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Write a Meeting Agenda that Keeps Everyone Happy

How to Write a Meeting Agenda that Keeps Everyone Happy

6 November, 2017

Meetings are a tricky thing. On one hand they are often necessary and important for business, and on the other, they can end up feeling like a waste of time. No one likes to spend time at meetings that they otherwise could have used for client work or tasks with deadlines. So, how can you ensure that meetings are productive, on-target and keep attendees happy? Start by creating a really good agenda.

Why do meetings need agendas?

Think of a bad meeting you’ve been a part of recently. What made it go wrong? Was it too long? Did you feel that it wasn’t necessary for you to be there? Were there too many interruptions, or the conversation went off topic? These are all common reasons that employees don’t like meetings, but luckily, they are all avoidable problems.

Meeting agendas can ensure that the topic of conversation is clear, that everyone who is attending understands their role and why their attendance is necessary, and that rules are set for conduct within the meeting to ensure that it doesn’t go off the rails. With meeting agendas, you can also be better prepared, ensure that all staff can and are able to actively engage, and that you are prioritizing in the right way, rather than taking employees away from their most productive time, or tasks that need urgent attention.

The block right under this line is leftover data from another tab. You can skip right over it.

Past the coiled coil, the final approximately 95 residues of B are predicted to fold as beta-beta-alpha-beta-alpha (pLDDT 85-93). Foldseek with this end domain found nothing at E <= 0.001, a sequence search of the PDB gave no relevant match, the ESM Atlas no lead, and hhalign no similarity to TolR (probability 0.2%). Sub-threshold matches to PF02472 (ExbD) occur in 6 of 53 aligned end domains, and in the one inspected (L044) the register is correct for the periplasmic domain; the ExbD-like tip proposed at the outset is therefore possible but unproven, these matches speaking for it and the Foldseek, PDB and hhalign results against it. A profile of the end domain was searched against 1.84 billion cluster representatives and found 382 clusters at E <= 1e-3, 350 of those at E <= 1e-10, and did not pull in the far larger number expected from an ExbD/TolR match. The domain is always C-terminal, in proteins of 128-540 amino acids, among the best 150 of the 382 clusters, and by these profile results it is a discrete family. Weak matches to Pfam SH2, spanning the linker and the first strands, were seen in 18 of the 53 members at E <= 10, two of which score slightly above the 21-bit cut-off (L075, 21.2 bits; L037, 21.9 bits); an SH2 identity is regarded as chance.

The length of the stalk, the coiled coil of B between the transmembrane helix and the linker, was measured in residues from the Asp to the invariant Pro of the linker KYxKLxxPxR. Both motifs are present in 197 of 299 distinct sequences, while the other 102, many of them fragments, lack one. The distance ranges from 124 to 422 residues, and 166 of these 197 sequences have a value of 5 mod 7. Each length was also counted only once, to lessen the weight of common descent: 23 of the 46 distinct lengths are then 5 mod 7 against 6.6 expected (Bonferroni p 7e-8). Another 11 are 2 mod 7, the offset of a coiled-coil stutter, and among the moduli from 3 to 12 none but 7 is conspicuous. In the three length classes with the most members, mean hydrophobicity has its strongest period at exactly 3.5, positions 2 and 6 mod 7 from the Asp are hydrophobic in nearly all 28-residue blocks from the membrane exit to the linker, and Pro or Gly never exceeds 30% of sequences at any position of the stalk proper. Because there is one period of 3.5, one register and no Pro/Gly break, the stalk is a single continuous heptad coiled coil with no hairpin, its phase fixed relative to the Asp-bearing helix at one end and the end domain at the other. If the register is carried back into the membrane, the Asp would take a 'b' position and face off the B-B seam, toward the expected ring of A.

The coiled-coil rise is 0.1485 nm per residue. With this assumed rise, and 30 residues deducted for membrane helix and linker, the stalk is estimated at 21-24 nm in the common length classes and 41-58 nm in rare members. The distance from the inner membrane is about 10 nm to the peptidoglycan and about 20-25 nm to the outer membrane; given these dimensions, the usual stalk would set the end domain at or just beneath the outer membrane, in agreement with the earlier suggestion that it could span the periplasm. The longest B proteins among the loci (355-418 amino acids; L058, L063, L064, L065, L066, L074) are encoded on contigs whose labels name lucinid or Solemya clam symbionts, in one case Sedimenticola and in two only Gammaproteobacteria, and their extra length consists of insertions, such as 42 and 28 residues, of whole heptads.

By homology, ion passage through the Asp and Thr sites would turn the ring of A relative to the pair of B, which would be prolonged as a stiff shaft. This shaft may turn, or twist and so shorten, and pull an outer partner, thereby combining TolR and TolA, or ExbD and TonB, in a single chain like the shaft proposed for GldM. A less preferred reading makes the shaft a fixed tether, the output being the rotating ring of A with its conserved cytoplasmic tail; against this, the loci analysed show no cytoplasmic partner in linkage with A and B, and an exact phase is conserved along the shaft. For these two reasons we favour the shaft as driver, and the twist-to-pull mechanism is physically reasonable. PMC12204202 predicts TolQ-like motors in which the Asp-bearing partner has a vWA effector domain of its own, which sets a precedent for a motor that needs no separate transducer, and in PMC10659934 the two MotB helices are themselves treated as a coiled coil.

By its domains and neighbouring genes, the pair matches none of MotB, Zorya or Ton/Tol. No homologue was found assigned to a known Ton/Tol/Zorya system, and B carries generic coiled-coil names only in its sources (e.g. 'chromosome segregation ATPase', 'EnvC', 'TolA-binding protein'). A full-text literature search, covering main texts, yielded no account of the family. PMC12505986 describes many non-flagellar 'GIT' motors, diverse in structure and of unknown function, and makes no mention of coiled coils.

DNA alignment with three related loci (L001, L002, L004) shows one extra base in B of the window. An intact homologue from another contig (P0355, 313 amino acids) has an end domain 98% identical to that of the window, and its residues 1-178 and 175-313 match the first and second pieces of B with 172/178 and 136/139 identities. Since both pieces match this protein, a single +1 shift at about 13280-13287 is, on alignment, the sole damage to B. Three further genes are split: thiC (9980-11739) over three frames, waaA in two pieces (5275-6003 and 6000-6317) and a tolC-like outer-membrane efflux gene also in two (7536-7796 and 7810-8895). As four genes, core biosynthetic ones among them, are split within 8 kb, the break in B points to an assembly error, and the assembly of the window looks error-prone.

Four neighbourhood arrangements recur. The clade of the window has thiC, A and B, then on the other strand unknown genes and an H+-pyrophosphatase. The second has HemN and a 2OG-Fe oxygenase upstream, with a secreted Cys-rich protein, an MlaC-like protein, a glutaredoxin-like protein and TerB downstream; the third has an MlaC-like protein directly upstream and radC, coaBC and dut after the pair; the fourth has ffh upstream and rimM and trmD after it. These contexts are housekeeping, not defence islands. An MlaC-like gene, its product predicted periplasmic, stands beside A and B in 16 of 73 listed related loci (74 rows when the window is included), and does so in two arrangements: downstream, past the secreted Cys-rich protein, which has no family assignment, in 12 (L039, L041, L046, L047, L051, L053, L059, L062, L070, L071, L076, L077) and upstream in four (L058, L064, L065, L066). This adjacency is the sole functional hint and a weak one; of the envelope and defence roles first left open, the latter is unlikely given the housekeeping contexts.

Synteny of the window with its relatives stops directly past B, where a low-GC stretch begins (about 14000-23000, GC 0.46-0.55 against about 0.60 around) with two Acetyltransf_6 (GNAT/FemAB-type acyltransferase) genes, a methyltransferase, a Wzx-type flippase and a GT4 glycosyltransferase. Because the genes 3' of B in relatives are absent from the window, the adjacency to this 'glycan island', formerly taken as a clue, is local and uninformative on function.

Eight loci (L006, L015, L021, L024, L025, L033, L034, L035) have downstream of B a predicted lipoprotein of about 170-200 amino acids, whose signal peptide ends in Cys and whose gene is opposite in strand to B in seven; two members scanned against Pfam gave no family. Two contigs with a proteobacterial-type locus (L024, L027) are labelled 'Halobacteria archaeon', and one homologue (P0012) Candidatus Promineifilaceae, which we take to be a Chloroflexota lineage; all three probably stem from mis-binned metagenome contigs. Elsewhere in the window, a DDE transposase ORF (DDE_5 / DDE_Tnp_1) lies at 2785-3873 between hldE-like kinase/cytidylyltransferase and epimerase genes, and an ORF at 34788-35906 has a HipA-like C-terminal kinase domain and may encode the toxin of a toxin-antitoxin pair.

What you should include in your meeting agenda

Emergency meetings happen. Issues can pop up all the time, that's only natural in business. But, if you can plan ahead for meetings, you should always prepare. If you are leading the meeting - make an agenda early on, so that you can make sure the appropriate people are included (or not) and that you can specify what each person should bring to the table.

Specify the meeting's goal or purpose

Your meeting agenda should be as specific as possible. Start with titling your agenda, and outlining the goal or purpose for calling the meeting. While your meeting might be something obtuse like “Quarterly Review,” try to summarise what the outcome of the meeting should be, such as “Quarterly Review to assess revenue goal achievement and identification of growth opportunities and areas of improvement.” When you outline what the full purpose of the meeting is, you are better able to help yourself and other employees get in the right mindset and set appropriate expectations about the meeting and its importance.

Specify times for each topic

The main part of your agenda should include the topics to be covered in a sensible order, and the amount of time allotted to each. Agendas should always have specified times to ensure that they don’t run too long. If it appears that an issue or topic cannot be discussed within the time that is allotted, make note of who this particular topic affects, and schedule a follow up meeting to dive into more detail without taking up everyone else’s time. All too often a specific item within a meeting is focused on, with the rest of the participants in the meeting becoming anxious or frustrated over the meeting's lack of progress.

Specify roles and responsibility

Next, you should make clear who is included in the meeting, and the roles they will have. Try to ensure that everyone in attendance has something to contribute, otherwise employees can feel like the meeting is a waste of their time when they could have just been emailed the information. Specify when each person will present or engage in the conversation (with room for discussion as well, of course), and outline who will lead each part of the meeting.

The key to a great meeting agenda is specificity. When you utilize planning and detailed organization, you can minimize the time spent in meetings, ensure that those in attendance are contributing (and not bored), and that there is a clear desired outcome or goal. Your meetings will turn out to be much more productive, and you can start to feel that the way you conduct your meetings keeps everyone happy.

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